Today my father would have been 100 years old— a staggering thought, not only because of the weight a century bears, but because his legacy is so full of the lively, energetic, relentlessly positive and curious larger-than-life person he was, in a century so fraught in so many ways. This morning my brother sent an email with a simple sentence about our father’s enduring influence, and I know my other two siblings and my mother are thinking of him today as well.
Born in Munich Germany, my father was raised as the oldest child in a well-to-do merchant family. His privileged childhood ended with the rise of Hitler, interrupting his education which he had to continue in England, by himself, until even that became impossible. At 17, with his stilted school-boy English, he began to plead with a stranger in Detroit, MI to provide an affidavit to allow my father and his family to come to U.S. The letters, which the Osnos family saved, and which now are archived at the United States Holocaust Memorial Museum became increasingly urgent and desperate. The Osnos family finally brought my father and his brother to this country in 1938, just weeks before Kristallnacht in Germany, and it took nearly half a year before the rest of my father’s family were able to come in 1939.
My Dad’s dreams of becoming a medical doctor gave way to the available job he could secure as a chemist at the Ford Motor Co. and he attended school at night to get a chemistry degree. He later began his own business as a manufacturer’s agent for reinforced plastics, and was proud to be a pioneer in developing applications in the plastics industry.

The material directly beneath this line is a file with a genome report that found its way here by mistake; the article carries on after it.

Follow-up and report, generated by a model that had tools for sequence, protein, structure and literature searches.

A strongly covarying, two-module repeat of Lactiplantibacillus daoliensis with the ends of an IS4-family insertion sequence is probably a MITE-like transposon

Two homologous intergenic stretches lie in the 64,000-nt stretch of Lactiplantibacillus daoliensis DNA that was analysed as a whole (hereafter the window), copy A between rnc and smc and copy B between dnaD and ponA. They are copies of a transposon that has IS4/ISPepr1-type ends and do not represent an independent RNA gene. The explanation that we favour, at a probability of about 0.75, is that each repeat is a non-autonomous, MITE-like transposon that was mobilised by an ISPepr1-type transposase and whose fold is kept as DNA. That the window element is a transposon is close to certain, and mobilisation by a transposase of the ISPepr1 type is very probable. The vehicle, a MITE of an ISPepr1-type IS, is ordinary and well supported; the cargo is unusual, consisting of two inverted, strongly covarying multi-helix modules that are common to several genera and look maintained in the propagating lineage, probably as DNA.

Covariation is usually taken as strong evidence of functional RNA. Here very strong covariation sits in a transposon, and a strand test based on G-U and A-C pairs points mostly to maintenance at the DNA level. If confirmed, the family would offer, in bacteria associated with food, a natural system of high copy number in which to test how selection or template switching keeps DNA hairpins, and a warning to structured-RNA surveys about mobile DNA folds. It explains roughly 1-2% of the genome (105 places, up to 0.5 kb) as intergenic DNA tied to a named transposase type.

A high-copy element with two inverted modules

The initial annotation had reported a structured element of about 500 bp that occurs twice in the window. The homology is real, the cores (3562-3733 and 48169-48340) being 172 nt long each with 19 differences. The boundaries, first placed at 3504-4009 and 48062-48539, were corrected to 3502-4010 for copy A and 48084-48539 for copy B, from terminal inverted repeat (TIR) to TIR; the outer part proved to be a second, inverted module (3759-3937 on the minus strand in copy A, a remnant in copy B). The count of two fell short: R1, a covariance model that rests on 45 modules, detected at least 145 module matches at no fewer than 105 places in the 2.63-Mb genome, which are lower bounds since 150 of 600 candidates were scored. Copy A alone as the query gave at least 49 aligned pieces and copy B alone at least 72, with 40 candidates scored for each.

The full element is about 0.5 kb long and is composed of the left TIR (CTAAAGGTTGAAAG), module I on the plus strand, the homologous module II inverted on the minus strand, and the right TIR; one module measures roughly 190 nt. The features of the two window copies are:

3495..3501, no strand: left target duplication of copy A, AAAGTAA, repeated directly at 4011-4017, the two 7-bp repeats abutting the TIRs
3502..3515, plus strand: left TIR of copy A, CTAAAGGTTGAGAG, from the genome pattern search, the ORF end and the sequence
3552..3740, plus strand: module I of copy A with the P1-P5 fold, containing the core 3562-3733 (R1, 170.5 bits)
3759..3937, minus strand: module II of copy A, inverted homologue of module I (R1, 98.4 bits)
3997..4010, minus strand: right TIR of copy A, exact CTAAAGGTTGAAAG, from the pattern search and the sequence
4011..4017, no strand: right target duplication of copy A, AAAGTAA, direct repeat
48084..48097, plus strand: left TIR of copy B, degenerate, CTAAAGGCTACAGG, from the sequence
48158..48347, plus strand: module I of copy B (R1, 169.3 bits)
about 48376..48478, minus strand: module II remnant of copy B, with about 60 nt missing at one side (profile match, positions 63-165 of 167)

He was a championship tennis player (Midwest over-80s tournament winner!), sang energetically (if not always entirely on tune) in the temple choir, and was a deeply committed Jew. He founded a temple community, served on myriad Jewish communal boards and especially on the community-wide roundtable of Christians, Jews and
Muslims. He was a pilot, and frequent traveler. He read voraciously and could talk intelligently about more widely varying topics than anyone else I’ve ever known. He loved a good party, and my husband, after being served one of my Dad’s martinis for the first time thought he should have been an anesthesiologist!
Most of all he loved his family, and the love of his life was my mother, who he called his “child bride” all their lives together. His was the lap of the safe haven, and no matter one’s mood, his crinkle-eyed smile and the way he started laughing at his own jokes long before he finished telling them made it impossible not to laugh with him.
The century was the better for Walter Stark having lived it…..love you Dad.